The Sleeping Bear Whats?

The Sleeping Bear Dunes, if you hadn’t noticed, recently gained extreme national attention. ABC’s Good Morning America named the Dunes ‘The Most Beautiful Place in America’. This majestic land formation will certainly be getting more tourist visits due to its new-found fame; but what about the Dunes warrants such a prestigious title? And what will the rise in recognition mean for the surrounding towns?

The Sleeping Beard Dunes are located in the Mayberry-eqsue town of Glen Arbor, Michigan, 25 miles from the mecca of Traverse City (which recently got a Big Lots! and a Buffalo Wild Wings: they’re moving up in the world, finally). The Dunes are quite desolate, with rolling hills and water surrounding all sides. When you get to the top of them, Lake Michigan’s azure waters linger in the distance. You can walk to the Lake from here…but it takes about four times longer than it looks like it would. Accompanying the Bear Dunes is the Pier Stocking Scenic Drive, which takes its travelers on a journey through maple forests and also offers exceptional views of both Lake Michigan and Glen Lake. Also, in neighboring Glen Haven, a general store, blacksmith shop, and U.S. Coast Guard Museum take visitors back to a simpler time.

You probably didn’t grow up going to the Dunes every Memorial Day. You may not have ever even visited the massive sand deposit. You probably haven’t ever seen someone try to ski down (yes; I mean ski — poles and everything) them on a warm May day, and I’m going to assume you’ve never trekked the climb in the pre-snow winter, when the sand feels like little beads of icy death on your soles. Well, I have. I’ve done all these things at least once in my life, and I’m going to assume that with all the warranted attention that the Dunes are getting, I’m not going to be so alone in my endeavors over the next few years.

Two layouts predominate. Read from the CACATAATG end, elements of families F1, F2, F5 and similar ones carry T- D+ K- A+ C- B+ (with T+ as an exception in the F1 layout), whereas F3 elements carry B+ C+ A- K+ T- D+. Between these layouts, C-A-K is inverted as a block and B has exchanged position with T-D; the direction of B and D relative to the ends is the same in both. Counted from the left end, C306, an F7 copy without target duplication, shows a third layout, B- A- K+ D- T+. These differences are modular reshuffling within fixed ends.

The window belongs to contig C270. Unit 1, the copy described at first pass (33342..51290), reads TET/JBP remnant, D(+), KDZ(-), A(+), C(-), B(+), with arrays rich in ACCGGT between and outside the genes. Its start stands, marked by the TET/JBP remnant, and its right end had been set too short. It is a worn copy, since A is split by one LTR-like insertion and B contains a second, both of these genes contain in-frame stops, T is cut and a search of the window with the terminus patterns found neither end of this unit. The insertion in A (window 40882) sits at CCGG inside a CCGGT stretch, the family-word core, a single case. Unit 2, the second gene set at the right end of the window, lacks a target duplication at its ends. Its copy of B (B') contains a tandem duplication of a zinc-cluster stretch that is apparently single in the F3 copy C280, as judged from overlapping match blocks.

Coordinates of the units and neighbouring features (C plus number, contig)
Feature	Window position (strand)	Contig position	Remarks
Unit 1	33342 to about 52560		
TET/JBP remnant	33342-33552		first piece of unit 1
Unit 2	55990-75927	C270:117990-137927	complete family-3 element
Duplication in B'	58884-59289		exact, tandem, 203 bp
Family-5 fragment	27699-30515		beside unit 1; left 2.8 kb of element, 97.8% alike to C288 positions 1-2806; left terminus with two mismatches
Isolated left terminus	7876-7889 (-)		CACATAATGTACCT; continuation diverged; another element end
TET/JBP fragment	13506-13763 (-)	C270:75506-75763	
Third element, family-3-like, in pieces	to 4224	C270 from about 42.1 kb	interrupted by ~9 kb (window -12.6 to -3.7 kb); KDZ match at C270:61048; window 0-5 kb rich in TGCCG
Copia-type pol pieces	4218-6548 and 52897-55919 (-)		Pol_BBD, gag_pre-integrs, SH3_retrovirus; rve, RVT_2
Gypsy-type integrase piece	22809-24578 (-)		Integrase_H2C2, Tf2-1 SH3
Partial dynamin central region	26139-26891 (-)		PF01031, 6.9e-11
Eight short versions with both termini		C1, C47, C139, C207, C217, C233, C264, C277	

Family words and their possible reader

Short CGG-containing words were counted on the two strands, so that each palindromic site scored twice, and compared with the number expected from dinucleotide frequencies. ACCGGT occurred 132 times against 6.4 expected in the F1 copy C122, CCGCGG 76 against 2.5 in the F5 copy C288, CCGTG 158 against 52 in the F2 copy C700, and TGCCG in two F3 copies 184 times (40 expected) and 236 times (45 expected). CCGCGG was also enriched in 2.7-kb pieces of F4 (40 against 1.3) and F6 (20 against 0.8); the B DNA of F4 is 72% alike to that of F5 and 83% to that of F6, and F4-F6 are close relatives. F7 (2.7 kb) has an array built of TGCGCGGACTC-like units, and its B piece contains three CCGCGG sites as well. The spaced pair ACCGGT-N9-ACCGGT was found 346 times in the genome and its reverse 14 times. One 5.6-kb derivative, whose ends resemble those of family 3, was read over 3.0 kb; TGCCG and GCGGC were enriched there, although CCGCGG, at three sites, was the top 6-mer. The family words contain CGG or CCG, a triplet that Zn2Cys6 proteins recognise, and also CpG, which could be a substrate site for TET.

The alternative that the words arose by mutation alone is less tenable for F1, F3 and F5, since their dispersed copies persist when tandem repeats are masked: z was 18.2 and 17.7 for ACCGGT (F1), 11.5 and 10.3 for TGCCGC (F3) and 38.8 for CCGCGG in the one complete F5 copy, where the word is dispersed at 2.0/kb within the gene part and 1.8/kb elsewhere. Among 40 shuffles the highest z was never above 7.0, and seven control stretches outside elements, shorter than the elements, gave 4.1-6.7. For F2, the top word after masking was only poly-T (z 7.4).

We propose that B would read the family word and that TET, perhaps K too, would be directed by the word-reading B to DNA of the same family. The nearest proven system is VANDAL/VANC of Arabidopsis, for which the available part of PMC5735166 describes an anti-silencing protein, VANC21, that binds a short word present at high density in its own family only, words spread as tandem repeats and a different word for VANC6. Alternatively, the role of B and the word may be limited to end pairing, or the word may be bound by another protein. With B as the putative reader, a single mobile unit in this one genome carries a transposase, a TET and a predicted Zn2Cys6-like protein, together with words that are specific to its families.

So what precisely makes this place worth the insanely long and twisty car ride up to the peninsula? (Seriously: if you get car sick, bring some water if you ever go). Well, The Sleeping Bear Dunes have this atmosphere. The air is CLEAR and the water is BLUE and the sand is HOT and the views, oh the views, are SPECTACULAR. The Dunes themselves are steeper than they look once you start climbing, but quite honestly, when you reach the tippy top and plop yourself down on one of the three benches, the view is worth it all: the farmland and idyllic white farmhouse in the distance, just to the left of Little and Big Glen Lakes on one side, and the far-off Lake Michigan, barely visible, but no doubt present on a misty day, on the other side. This panoramic view is perfect, but pictures don’t do it one bit of justice. It’s something you really just need to experience to understand; and more and more people are making the visit to understand firsthand.

So what does this presumed tourist boost mean for the Dunes and the surrounding towns? Well, I’m no expert, but the experts say it means jobs…and it means business…and it means a little less privacy for those who call this place home. One of the facts residents in tourist towns have to realize is this: you’re going to get tourists, and they’re going to drive 35mph in a 55mph zone, and they’re going to buy up all the fudge, and most certainly they’re going to ask whether the Lake is home to sharks (if you want to have some fun, walk behind some tourists and say “Did you hear about the Great White that inhaled that child last week?”) If it weren’t for all these annoyances, though, locals wouldn’t just have the pristine location to themselves, though you can bet they wish for it often; they’d have less shops, less revenue, and therefore they could possibly all be living in tents on a beach (which would only be fun for maybe two days, three if there’s no rain/snow/wind/bugs/heat). In short, the “fudgies” make the towns what they are. Suttons Bay and Glen Arbor and Leland are so dismal and lonely in the winter that when summer rolls around it feels like New York City. Tourist town residents everywhere should just learn to love ‘em (and learn to pass cars even on curvy roads).

In short, the Sleeping Bear Dunes are marvelous and deserve all the attention they (may) now receive. There are pros and cons in regards to the fame, just as there are pros and cons for nearly everything in life. As long as the Dunes remain what they have always been, and visitors get to see them and surrounding towns in their true form, bring on the fudgies!